Lee Shaw, co-founder of the Georgia Meth Project and its successor the Georgia Prevention Project, stepped down as chairman of the organization this past summer. He remains as a board member and advisor to GPP.
“After six years of great progress and rewarding work, it was time for me to step aside and let others take the lead,” Lee explained. “I believe it is a healthy process for all organizations to periodically change leadership.”
Lee helped create the Georgia Meth Project in 2008 after he was invited by then Georgia Attorney General Thurbert Baker to a meeting about the methamphetamine epidemic sweeping many parts of Georgia. Baker included technology entrepreneur Tom Siebel in the meeting who had created the Meth Project as a major initiative of the Siebel Foundation.
Since the creation of the Georgia Meth Project, the organization has raised more than $18 million in cash and in-kind media contributions from private and business sources. The organization rebranded itself earlier in 2014 as the Georgia Prevention Project in order to expand its drug prevention work beyond meth. GPP now continues to grow the Georgia Meth Project while also launching the Georgia RxAbuse Project to prevent abuse of prescription drugs in the state.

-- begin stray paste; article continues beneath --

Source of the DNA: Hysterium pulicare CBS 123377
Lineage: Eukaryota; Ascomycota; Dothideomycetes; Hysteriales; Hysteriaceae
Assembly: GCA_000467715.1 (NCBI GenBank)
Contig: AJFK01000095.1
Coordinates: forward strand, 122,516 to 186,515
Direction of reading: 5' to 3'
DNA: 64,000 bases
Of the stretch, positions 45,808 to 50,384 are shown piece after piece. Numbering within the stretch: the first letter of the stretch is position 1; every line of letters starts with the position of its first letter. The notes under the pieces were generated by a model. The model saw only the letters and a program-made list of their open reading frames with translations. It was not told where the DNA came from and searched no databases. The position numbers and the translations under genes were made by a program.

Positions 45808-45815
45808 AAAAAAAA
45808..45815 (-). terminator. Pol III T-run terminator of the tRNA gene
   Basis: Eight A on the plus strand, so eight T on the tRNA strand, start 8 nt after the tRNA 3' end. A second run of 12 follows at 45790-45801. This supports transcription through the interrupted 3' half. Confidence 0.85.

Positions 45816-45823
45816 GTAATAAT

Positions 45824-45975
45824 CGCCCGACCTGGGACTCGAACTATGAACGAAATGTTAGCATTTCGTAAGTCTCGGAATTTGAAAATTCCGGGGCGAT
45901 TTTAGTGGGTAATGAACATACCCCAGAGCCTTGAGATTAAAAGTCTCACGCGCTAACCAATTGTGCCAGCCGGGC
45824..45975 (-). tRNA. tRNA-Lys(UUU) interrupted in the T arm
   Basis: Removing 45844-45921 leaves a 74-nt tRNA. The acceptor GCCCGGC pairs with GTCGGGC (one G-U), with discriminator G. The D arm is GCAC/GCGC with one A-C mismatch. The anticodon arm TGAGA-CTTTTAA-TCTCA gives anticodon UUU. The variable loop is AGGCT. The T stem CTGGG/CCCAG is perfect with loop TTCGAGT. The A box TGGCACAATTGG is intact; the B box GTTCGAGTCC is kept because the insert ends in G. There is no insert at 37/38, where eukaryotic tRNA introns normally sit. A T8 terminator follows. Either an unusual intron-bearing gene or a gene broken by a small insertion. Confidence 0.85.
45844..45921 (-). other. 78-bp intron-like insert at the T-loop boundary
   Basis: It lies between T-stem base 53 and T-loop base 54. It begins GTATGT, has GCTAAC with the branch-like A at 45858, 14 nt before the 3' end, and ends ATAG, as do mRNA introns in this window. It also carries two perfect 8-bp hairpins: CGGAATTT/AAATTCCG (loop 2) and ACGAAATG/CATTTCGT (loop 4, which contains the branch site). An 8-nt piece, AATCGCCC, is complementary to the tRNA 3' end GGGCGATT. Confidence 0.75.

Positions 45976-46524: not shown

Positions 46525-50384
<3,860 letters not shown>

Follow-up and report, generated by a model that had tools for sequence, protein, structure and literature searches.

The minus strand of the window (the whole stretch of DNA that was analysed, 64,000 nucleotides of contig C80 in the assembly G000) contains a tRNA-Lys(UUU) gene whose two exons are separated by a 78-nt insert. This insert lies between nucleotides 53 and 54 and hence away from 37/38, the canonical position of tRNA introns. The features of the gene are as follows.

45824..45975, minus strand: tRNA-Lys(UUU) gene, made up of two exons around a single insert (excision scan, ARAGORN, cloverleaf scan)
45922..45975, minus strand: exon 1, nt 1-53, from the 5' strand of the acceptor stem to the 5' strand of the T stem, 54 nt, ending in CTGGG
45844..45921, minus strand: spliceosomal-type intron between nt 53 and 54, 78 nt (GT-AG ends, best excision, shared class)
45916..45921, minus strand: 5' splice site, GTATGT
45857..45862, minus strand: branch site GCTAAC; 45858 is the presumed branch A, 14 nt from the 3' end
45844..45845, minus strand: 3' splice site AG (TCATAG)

In addition to his continuing association with the Georgia Prevention Project, Lee will also continue as a member of the Board of Directors of the Partnership for Drug Free Kids, headquartered in New York City. The Partnership is the oldest drug-prevention organization in the United States. The Georgia Prevention Project is an affiliate of the Partnership.
“Thanks to Lee’s leadership, we have been able to save countless lives and families in Georgia from the devastating impact of methamphetamine.”
GPP Executive Director Jim Langford stated, “We are grateful for his energy, his commitment and his ongoing counsel to the organization.”